Influenced by Jay-z, J Cole, and Eminem; Trell Love is a vivid storyteller raised in Chicago Heights, grinding his way independently to the top of the music business.

With the release of his latest project, Waiting On Forever, Stop The Breaks had the chance to kick with Trell and talk about what inspired the music, grinding and hustling as an independent artist, rappers who inspire him and much more!

1) Talk to me about the making of your latest project – Waiting On Forever. What was the inspiration behind it?

Man, the making of my project happened on accident. I was in a slump musically. I was dealing with anxiety and depression. The internet was making shit even worse. I was watching racial tension and police brutality flood the our communities.

Watching Sandra Bland get pulled over and killed for not using a signal. Racial tension at College Universities. Laquan McDonald shot 16 times in my own city. Black people being shot at routine traffic stops or Eric Garner being choked to death and the list goes on.

All these events weighed on me and my producer, The Gift, heavy. So it fueled the direction of my project “Waiting On Forever”. So our whole thing was about creating something that was real and honest to us; that could help us and people alike who are on the same journey of figuring shit out and finding their place in the world.

We all die. The goal is not to live forever. The goal is to create something that will. This project was the beginning of us creating that.

2) With the music industry tanking and record sales falling, how do you currently make money as an independent hip-hop artist in 2017?

Honestly, I don’t see the industry as tanking, it’s just changing. Streaming services are helping a lot of artists push their work to their fanbase and make some decent paper off their art.

You starting to see mogs go platinum again. My project being available on all major streaming services helps, selling merchandise helps and of course shows. It’s money to be made, just gotta be creative and I’m a new artist so I’m still learning new ways everyday.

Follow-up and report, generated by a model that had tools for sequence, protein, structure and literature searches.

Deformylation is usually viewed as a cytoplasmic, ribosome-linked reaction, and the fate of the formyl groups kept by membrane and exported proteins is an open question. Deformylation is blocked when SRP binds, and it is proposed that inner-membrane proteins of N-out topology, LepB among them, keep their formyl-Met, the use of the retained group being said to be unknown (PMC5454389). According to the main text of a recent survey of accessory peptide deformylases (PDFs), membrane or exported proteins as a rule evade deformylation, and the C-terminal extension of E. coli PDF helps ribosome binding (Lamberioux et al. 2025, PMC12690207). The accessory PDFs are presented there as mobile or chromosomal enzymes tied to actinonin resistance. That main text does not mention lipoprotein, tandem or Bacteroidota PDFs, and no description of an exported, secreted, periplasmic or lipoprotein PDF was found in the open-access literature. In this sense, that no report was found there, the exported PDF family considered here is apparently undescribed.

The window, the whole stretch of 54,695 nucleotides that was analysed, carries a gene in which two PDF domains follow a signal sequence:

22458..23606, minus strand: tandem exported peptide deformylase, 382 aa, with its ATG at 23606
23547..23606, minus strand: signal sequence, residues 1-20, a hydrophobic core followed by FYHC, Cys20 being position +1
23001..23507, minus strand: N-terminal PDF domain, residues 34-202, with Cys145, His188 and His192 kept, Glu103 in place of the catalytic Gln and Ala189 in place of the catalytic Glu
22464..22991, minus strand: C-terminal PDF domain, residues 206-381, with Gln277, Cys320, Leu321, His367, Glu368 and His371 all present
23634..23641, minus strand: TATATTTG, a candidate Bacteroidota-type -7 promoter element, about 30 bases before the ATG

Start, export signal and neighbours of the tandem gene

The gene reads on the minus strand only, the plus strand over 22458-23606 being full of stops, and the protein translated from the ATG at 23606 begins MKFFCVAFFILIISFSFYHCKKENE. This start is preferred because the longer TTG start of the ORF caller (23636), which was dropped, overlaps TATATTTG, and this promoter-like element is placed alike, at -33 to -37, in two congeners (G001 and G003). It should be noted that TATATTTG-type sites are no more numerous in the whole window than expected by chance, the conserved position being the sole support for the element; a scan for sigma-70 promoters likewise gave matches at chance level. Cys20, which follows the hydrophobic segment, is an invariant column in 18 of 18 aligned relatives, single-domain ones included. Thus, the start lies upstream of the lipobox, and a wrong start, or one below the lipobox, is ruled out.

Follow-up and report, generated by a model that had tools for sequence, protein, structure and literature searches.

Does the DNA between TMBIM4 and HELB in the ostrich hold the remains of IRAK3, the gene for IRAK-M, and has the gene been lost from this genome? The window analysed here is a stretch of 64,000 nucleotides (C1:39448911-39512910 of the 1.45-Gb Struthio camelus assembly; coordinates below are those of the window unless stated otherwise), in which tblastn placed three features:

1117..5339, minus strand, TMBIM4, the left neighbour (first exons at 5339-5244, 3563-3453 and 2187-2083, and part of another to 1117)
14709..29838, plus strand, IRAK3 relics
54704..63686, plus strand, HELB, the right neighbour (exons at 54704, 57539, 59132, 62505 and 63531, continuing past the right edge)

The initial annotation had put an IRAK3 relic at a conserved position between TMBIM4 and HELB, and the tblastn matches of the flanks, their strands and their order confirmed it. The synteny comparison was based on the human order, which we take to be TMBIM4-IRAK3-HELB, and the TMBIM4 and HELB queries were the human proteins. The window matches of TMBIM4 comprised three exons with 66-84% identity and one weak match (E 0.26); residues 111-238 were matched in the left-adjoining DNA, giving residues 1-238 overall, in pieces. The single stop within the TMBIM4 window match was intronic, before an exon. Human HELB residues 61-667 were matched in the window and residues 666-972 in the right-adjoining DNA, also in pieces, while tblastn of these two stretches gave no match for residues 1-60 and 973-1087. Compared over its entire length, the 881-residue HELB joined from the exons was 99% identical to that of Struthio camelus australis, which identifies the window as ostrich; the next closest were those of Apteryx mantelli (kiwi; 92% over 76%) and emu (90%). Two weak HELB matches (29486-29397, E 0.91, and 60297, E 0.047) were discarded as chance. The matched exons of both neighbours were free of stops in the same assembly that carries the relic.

3) From a business point of view, which artists in the game do you think are really pushing the boundaries and changing it up?

J. Cole is hella different with his marketing. The way he built his fanbase was dope to me. Having mogs come through the crib he grew up in, to listen to his project.

Paying a dollar to see him on “The Dollar and a Dream” tour. It makes his fans more real and organic.

Of course Chance the Rapper broke down so many barriers for indie artists in my opinion. He definitely changed the climate and he’s from Chicago, so it mean a lot to the city; artist especially.

4) What business lessons have you learnt from the music industry so far?

Too many bro. I handle a lot of my own contracts, I help with my own PR, booking my own shows and the list goes on. I literally have my hand in every single aspect of anything that goes on in my short career.

I learn a lot on the fly and by listening when my more experienced homies give advice. Failure is a great teacher too.

You gotta treat it like a job. Be professional and have a plan. Execute your plan and don’t let no irrelevant opinions affect you.

AND DON’T BURN BRIDGES unless you can fly because you never know when you’ll have to cross that bridge again.

5) What do you love about hip-hop music?

I love hip-hop because it’s been my way to vent and talk about things that I would never tell anybody in real conversation.

I like the power that hip-hop has. We set a lot of trends or make things way more popular than they would’ve been without us. It has the power to affect change if used properly too.

6) What still surprises you about hip-hop?

Nothing surprises anymore. I used to be surprised by certain things but honestly nothing now. Ain’t no rules anymore so I don’t get surprised by some stuff I see.

One thing that probably does surprise me is how many super talented artist get looked over. That’ll forever be the 9th wonder of the world to me.

7) If you had the power to change one thing about the hip-hop industry to help independent artists – what would it be?

There’s probably a million things I would want to change but the first one that popped in my head would be for more indie artist to be played on the radio instead the same 10 songs all day.

It’s almost like they’re tryna force you to like these songs by playing them over and over.

8) Who do you think are top 3 rappers doing it at the moment?

J. Cole, Chance and Saba. I like what they’re doing. I been listening to their work a lot lately too. A lot of shit don’t inspire anymore and they do.

9) So what are your plans for the future?

My future plans is to play more shows and festivals. I wanna go on tour too. More visuals with videographers I’m a fan of. Working with all the artist and producers that I’m a fan of.

I really wanna grow my fanbase and give them dope ass music to live life to. Maybe a new project later this year but right now it’s all about “Waiting On Forever”. Go cop that shit on Apple Music, Spotify, Tidal or SoundCloud.

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Written by Hao Nguyen
Stop The Breaks is an independent music marketing company focused on showcasing independent hip-hop artists. Our goal is to help motivate, inspire and educate independent artists grinding around the world. We provide branding, content marketing, social media, SEO and music promotion services.